Would it have been better to ask, “Should librarians who have held leadership or administrative decisions since pre-internet days be asked to leave the profession?” Or “Was the action or inaction of library leadership of the last twenty years negligent?” Or even “Are the lack of community and political relationships the result of negligent action by library leadership?”

If you want to judge me for making a hypothetical argument even with the caveats I have attached in the post and afterwards, then I find that a bit unsettling. I find that to be a chilling effect on someone posing a question, albeit a distasteful one, and something that is at odds with the principles of intellectual freedom that are so highly regarded within the profession.

Update 2: Mea Culpa. But I will still continue the discussion below. I’m just opening up a new one from the replies that I have received.

Sunday Speculation: Uncomfortable Literature

In writing the recap on the Bitch Magazine YA feminist literature list situation, I couldn’t help but think about how librarians are by default put into defensive positions about materials in their collections. Each added item has a potential for igniting some sort of objection; even if that chance is miniscule, someone can find something objectionable in it (and if they go hunting for it and have some creativity, they will find it). Often times, this sheds the light on the profession that librarians are smut peddlers, pornographers, politically and/or emotionally insensitive, and otherwise defenders of society’s deviance.

It is the price that is paid for a near absolutist stance. Only the most morally deplorable items (such as child pornography) gain no refuge. But when literature covers incest, suicide, bullying, homosexuality, cutting, eating disorders, racism, blasphemy, and rape, the profession defends the choices of inclusion of unpopular, controversial, and/or otherwise socially abhorrent topics. It is never a matter as to judging whether the topic is acceptable or not; it is a matter of allowing individuals to make their own decisions whether to read it or not. Generally, like the comments to the original YA list post revealed to me, there is a divided opinion. A divided opinion is not a rationale for exclusion, but an impetus for insuring that it remains. As Ricky Gervais said recently after the row over his jokes at the Golden Globes,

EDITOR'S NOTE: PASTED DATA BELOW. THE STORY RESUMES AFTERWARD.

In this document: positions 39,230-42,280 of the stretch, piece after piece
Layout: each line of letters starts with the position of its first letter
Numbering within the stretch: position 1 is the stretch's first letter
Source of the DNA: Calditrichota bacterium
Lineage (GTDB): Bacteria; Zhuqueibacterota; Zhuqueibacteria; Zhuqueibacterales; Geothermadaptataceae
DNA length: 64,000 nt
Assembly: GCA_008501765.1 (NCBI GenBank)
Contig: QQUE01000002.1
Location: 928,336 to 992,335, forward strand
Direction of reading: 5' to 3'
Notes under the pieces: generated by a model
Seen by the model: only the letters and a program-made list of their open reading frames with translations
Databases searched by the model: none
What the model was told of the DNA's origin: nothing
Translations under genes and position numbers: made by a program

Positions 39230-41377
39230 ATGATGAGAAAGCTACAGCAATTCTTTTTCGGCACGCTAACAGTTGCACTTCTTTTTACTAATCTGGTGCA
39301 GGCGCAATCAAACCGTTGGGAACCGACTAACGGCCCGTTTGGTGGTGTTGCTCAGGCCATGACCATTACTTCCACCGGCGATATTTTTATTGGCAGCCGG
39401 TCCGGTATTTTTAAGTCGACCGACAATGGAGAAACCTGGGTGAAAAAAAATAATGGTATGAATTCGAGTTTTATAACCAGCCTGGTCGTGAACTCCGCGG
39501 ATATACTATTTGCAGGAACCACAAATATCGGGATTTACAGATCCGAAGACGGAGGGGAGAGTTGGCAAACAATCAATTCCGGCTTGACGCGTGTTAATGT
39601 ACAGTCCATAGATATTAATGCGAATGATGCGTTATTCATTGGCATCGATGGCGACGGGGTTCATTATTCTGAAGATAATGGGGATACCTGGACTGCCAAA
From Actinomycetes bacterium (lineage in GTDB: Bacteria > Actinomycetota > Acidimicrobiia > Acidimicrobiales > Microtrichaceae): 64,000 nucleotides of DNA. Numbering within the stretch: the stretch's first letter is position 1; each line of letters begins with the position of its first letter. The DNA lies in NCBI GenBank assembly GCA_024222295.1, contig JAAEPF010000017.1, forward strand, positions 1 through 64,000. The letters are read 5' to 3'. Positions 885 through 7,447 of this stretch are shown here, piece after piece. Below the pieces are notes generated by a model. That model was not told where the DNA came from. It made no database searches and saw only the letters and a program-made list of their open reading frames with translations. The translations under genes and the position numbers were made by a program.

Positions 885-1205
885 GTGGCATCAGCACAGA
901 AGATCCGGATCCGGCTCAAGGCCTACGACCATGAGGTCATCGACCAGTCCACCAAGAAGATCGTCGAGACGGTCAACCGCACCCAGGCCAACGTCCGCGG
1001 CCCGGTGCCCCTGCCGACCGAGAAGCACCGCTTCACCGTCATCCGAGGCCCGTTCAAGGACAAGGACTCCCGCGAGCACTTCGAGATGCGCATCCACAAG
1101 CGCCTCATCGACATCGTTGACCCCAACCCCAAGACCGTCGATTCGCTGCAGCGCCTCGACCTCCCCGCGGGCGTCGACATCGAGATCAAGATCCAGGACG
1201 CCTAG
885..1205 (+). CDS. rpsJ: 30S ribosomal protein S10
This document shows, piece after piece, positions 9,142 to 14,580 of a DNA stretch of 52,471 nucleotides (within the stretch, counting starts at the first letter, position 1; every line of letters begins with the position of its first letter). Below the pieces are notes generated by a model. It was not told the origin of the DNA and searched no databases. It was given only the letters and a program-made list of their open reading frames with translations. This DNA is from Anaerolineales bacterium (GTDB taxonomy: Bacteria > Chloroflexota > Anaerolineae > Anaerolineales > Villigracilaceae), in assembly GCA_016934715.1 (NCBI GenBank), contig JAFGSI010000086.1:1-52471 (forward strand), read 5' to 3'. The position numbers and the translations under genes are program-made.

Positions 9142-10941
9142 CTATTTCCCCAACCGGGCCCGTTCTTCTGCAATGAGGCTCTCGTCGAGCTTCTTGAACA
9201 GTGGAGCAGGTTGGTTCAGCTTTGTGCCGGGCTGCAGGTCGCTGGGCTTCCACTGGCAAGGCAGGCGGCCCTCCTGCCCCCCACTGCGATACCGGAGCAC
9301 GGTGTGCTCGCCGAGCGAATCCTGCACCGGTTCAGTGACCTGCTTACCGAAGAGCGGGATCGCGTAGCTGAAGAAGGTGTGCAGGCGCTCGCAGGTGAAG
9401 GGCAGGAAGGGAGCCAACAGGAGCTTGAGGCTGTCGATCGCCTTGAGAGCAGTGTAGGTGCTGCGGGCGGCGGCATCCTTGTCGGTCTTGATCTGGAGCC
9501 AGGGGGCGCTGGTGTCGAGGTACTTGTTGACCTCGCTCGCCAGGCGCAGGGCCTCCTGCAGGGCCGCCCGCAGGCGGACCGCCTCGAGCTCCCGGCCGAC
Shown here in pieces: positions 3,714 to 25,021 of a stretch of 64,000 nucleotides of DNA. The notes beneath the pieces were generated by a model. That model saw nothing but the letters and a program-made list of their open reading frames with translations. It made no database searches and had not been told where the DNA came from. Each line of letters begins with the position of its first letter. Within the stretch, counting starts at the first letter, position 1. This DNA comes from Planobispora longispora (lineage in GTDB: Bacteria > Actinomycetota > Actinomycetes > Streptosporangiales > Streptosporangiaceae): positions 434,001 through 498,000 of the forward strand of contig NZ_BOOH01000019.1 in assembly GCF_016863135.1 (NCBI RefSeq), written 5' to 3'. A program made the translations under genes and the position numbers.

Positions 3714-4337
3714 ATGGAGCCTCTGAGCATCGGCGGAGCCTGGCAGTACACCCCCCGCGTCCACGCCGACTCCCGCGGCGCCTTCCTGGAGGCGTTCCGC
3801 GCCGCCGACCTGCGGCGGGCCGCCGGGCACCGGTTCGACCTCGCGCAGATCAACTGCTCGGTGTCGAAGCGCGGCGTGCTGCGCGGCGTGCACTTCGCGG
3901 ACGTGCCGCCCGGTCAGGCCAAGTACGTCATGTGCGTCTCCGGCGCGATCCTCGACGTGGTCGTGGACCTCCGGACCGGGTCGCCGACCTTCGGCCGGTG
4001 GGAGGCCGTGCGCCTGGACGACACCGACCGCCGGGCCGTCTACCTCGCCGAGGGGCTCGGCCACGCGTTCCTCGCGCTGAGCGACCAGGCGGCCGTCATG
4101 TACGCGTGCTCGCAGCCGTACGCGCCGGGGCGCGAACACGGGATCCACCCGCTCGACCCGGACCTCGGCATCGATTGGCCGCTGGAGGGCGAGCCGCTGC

“I’m not sorry for anything I said… Nobody has the right not to be offended. And don’t forget: Just because you’re offended, doesn’t mean you’re in the right.”

Such is the model and cornerstone for free speech guarantees in countries like the United States.

In noting that the three books that were removed from the Bitch list all involved the topic of rape, I remembered the George Carlin bit, “Rape can be Funny” (very NSFW, as if you needed a warning). Some will find it funny, some will find it offensive, but it has a kernel of truth to it: just because the topic is uncomfortable to others should not preclude any discussion of it. One cannot have ask rape victims to speak out against their abusers and about their ordeals as a means of educating people on the topic while simultaneously demanding that any other discussion outside of this scope cease. It is when we as a society stop talking about a subject for fear of offense that the issue will continue to linger on in the shadowlands of conversation, present yet unresolved.

Sunday Recollection: Snow Days

This particular winter has been consistent in offering snow to the southern New Jersey area where I live. While this is not an unusual winter occurance, it does not match my recollection of the area when I was a kid, staring out the window and hoping for a snow day. In fact, I can remember only a few years where snow days were declared including one particularly heinous ice storm that froze the entire area. Otherwise, it was rare to have a white Christmas and even rarer to have a day off from school due to the snow.